On our first full day in Quilotoa, we hiked around the lagoon along the Crater Rim Trail, a 10km loop with an elevation gain of almost 750m. We had read that it would take anywhere between three and four and up to seven hours (with breaks). It took us five and a half hours, with three hours of pure walking time. We left at around 0830h in sunny weather, though with a third still to go, the clouds rolled in, and we finished the loop in fog. Thankfully though the rain held off until we had returned to our accommodation. Having spent a few days up there, fog by noon and (pretty heavy) rain by 1400h are very common, so do leave early!
The loop around the crater was absolutely beautiful and I would highly recommend it. But I would also issue a few words of warning…
- Do the loop anti-clockwise: There is quite a big descent followed by a massive ascent after about a third of the way. We found this to be the most difficult part of the whole loop. We were glad we did it when we still had the energy. The third that hikers do coming from Chugchilan is the easiest and best left when you’re running out of energy.
- Beware of vicious dogs: For most of the loop, we had no problems with dogs. However, during the last kilometre (coinciding with the part that hikers coming from Chugchilan will have to do) we encountered three very angry dogs. They came to within a metre of us, fletching their teeth. Only staring them down and picking up / throwing rocks at them slowly deterred them. The most vicious one of them followed us for a few hundred metres. As soon as you hear dogs barking and see them running towards you pick up a few stones. Stop in your tracks, stare them down, keep slowly moving in the direction of your destination but keep an eye on them. If you’re holding a hiking pole, umbrella or sturdy water bottle use them as a weapon if they attack. You don’t want a dog bite to spoil your trip.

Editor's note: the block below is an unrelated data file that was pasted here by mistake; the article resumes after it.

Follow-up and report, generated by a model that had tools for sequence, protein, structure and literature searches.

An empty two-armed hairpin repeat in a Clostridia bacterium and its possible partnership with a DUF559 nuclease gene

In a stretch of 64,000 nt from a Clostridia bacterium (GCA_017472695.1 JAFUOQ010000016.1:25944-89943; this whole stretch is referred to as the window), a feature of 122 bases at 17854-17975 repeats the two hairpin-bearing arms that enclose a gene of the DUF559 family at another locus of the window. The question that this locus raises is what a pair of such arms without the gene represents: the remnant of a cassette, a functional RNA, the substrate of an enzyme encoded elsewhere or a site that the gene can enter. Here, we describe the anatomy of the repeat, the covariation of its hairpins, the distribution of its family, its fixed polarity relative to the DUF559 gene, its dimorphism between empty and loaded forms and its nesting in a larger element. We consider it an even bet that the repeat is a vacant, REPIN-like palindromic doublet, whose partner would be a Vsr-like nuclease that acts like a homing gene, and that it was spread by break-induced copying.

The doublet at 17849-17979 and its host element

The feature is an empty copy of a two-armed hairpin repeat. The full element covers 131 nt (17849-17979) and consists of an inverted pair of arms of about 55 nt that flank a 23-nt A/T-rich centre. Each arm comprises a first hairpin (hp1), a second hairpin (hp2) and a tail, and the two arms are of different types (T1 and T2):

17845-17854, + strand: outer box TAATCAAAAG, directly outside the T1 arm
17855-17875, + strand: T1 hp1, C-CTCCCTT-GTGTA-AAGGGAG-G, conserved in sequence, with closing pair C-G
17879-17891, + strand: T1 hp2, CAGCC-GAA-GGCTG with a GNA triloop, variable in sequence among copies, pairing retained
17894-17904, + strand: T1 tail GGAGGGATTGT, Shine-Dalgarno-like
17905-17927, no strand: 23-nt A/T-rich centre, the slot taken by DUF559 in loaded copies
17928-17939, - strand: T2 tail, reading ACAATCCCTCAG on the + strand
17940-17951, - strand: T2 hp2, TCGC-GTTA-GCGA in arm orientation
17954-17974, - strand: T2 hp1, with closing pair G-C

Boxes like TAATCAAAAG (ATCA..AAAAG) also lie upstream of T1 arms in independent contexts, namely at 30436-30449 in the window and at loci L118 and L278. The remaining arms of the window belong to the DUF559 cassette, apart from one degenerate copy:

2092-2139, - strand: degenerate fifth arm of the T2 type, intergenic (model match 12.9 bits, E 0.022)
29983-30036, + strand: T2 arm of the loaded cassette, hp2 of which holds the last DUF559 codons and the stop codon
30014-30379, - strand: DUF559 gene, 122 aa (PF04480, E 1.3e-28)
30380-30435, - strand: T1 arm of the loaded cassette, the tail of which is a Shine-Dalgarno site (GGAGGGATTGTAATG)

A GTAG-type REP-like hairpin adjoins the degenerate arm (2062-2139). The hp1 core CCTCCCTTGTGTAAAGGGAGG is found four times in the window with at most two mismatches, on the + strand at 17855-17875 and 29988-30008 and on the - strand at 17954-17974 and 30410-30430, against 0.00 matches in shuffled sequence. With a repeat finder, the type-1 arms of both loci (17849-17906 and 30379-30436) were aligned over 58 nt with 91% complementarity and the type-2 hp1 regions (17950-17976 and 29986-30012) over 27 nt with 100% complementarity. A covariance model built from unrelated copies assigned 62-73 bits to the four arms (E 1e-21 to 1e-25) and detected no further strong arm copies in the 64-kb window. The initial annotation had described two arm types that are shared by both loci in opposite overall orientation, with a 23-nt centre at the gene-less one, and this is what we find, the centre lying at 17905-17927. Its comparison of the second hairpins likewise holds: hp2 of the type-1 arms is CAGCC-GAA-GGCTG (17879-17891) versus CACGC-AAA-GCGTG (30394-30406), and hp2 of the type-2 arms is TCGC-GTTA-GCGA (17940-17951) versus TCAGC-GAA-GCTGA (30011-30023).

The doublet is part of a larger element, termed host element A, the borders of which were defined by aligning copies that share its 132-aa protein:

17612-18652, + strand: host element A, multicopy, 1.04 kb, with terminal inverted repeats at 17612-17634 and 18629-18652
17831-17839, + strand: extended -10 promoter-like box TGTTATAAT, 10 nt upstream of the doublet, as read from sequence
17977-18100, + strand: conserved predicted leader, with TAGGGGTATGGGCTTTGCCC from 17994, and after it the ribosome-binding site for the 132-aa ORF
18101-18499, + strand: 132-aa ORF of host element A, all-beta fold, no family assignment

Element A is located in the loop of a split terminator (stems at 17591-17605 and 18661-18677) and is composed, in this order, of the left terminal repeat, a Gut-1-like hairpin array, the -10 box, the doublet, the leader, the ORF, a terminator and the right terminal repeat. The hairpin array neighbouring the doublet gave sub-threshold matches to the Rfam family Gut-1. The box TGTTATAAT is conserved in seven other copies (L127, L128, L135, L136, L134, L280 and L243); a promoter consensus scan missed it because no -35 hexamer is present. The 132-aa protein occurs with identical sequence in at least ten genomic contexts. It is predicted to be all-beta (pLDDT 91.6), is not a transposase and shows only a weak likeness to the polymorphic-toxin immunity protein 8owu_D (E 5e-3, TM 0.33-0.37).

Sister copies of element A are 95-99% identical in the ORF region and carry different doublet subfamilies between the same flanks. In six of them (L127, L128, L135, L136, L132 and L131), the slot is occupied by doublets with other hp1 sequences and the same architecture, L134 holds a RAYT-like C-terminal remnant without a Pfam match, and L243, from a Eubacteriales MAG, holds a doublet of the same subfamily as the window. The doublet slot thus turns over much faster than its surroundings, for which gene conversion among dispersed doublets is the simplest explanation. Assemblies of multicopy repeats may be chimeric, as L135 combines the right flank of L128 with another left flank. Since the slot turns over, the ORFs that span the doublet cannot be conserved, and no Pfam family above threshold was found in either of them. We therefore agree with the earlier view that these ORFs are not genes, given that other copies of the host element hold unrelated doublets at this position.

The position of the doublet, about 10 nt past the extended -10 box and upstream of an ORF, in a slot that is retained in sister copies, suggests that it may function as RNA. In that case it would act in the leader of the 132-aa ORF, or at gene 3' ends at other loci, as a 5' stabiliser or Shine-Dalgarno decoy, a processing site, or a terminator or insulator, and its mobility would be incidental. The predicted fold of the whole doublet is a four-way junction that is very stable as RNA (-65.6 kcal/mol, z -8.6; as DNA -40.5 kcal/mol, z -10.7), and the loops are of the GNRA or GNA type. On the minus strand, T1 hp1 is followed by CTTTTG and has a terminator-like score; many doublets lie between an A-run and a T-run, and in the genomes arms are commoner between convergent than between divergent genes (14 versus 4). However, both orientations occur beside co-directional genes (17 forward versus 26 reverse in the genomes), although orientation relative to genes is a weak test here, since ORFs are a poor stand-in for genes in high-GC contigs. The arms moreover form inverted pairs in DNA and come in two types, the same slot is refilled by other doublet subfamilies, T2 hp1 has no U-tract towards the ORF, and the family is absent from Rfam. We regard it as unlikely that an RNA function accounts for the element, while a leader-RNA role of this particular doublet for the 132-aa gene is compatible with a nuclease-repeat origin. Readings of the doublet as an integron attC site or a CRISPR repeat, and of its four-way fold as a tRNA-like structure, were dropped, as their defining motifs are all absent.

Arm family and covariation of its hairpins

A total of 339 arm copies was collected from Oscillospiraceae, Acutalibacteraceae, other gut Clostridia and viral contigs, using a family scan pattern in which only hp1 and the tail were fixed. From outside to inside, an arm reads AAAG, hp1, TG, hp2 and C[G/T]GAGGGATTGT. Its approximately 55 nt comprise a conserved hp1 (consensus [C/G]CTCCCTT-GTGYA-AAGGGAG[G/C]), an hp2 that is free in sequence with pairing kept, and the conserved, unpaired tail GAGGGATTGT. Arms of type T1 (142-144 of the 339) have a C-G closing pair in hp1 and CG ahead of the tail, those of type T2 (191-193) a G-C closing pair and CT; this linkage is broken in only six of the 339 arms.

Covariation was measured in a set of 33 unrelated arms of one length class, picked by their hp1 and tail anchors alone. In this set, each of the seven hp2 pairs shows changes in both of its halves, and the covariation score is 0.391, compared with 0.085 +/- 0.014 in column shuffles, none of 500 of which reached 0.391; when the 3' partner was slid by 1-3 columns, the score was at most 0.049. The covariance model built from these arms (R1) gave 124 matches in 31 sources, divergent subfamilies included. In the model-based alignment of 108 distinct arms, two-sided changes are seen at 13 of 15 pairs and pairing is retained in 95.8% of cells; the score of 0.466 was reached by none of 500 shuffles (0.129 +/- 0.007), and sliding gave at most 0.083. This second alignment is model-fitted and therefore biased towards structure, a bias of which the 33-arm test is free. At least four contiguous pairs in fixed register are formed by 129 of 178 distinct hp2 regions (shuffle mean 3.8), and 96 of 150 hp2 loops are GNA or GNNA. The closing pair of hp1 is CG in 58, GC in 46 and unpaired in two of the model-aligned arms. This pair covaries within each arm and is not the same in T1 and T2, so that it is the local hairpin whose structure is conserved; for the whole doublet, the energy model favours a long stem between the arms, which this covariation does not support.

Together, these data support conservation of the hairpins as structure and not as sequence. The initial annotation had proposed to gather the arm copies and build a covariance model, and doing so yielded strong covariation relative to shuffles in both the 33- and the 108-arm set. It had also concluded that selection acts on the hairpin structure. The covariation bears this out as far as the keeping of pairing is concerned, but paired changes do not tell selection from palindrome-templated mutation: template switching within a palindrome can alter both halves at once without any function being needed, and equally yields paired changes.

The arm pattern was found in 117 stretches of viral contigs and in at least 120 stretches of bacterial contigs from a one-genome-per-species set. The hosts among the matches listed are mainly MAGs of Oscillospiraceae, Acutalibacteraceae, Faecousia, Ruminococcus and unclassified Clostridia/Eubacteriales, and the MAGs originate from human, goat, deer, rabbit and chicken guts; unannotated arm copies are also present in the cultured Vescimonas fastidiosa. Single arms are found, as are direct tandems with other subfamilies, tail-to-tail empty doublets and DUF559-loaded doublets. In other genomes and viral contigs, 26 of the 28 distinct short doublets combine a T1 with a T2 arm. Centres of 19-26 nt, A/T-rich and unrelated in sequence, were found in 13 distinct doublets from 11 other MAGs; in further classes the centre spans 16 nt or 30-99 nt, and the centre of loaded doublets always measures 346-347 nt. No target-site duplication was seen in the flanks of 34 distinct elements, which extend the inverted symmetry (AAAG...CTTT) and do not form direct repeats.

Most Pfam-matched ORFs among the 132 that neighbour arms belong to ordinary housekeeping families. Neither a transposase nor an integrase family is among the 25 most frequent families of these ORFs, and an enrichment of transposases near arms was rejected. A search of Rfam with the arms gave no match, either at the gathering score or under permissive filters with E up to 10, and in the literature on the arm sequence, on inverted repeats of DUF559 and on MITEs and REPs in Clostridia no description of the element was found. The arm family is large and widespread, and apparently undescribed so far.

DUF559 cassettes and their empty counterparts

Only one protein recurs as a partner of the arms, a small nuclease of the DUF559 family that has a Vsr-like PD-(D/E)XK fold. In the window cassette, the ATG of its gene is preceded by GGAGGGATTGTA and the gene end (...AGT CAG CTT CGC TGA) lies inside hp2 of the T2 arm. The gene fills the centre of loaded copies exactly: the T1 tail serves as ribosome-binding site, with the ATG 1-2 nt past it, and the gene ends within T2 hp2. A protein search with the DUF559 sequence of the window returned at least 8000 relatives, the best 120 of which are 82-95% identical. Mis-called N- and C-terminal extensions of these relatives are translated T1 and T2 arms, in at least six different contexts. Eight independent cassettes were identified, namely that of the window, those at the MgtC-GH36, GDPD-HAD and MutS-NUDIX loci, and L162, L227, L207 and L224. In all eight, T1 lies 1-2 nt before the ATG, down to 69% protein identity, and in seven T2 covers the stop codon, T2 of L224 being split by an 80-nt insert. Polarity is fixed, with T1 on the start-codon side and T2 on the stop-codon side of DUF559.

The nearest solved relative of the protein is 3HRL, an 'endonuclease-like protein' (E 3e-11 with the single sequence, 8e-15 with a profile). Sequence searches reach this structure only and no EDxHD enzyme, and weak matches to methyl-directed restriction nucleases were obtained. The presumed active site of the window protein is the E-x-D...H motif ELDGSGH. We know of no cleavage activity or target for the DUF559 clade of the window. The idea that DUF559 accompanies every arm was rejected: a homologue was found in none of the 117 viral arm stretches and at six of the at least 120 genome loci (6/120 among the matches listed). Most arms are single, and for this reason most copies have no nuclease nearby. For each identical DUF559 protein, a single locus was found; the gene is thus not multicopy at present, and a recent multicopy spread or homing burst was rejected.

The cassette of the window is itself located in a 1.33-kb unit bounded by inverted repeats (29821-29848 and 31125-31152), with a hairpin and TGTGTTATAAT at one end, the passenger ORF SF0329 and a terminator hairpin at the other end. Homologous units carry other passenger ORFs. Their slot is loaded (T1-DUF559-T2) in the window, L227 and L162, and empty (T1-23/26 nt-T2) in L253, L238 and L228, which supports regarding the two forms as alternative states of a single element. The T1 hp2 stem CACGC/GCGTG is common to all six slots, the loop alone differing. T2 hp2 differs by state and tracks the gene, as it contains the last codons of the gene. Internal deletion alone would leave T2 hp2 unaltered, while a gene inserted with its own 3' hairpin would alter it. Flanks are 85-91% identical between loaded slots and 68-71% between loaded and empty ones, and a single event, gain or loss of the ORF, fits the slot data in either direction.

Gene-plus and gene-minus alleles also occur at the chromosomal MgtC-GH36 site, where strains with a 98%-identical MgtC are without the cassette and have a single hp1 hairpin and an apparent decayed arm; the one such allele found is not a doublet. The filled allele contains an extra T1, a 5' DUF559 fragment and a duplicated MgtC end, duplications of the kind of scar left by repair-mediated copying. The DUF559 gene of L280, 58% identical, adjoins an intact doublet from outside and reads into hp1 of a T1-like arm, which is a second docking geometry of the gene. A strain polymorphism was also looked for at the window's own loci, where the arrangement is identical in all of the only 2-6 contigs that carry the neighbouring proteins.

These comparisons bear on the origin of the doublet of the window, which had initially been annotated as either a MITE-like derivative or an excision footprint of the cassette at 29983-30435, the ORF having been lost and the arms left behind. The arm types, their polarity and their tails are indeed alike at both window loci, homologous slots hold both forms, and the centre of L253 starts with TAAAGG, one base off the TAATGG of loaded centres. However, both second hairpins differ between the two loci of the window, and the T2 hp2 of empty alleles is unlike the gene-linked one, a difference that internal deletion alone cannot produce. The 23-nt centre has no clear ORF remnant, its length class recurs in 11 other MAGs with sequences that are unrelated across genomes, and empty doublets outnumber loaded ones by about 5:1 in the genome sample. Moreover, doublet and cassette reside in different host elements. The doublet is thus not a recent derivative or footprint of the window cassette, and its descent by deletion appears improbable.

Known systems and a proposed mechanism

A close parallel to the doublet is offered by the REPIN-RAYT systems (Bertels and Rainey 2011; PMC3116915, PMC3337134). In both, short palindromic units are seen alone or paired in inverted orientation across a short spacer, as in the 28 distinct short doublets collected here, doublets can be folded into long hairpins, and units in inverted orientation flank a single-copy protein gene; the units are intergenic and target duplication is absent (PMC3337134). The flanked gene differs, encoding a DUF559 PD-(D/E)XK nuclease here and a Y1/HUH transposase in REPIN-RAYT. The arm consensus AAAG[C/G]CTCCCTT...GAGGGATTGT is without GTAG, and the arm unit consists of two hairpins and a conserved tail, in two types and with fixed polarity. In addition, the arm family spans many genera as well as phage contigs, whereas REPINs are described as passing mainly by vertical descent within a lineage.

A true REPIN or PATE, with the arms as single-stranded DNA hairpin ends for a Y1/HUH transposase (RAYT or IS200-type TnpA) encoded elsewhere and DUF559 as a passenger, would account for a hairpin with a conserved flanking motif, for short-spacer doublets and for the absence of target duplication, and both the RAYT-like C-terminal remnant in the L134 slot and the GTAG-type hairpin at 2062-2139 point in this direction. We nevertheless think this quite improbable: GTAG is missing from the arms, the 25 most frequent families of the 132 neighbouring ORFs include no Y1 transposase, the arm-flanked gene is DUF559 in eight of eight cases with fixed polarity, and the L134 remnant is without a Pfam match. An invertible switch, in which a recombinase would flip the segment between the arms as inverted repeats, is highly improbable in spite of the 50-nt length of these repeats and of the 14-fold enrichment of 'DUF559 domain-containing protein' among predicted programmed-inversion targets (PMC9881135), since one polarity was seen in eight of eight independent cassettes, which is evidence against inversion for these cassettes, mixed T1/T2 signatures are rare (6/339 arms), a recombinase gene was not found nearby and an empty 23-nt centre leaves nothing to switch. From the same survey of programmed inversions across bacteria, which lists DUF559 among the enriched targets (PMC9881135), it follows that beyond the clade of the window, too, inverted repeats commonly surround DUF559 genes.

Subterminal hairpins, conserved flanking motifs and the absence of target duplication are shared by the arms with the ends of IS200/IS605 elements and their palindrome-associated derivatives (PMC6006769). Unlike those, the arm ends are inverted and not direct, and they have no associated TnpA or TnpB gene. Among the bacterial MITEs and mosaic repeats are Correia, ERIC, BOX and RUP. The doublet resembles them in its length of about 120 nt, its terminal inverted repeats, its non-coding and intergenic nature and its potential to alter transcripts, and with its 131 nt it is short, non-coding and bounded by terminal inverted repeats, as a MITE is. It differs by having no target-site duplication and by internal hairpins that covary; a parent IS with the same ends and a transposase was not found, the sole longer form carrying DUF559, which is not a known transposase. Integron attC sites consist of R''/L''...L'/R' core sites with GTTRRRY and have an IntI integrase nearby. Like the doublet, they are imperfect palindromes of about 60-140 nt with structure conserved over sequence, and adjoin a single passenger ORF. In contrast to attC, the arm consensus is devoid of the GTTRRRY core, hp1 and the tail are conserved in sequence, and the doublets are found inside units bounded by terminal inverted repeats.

- If you have acrophobia: I am scared of heights, so much so that I would normally not step within two metres of the edge. While I can tell you it was definitely worth the pain, the loop really tested me like nothing before. There are some non-scary parts but there are also a few very scary moments as a lot of the single-file trail has drops of several hundred metres on either side with not much margin for error. Also, there is quite a bit of erosion from the exposure to sun, rain and wind, which meant that at times, we had to use all fours to make our way up or down.
On our second day in Quilotoa, we hiked down to the crater lake, a trail called La Playita Quilotoa. It’s just under 2km each way. It took us two and a half hours return, half of it pure walking time. You can take a mule back up for USD10 per person but despite the 400m elevation gain, the hike up is doable with average fitness if you stop frequently to catch your breath.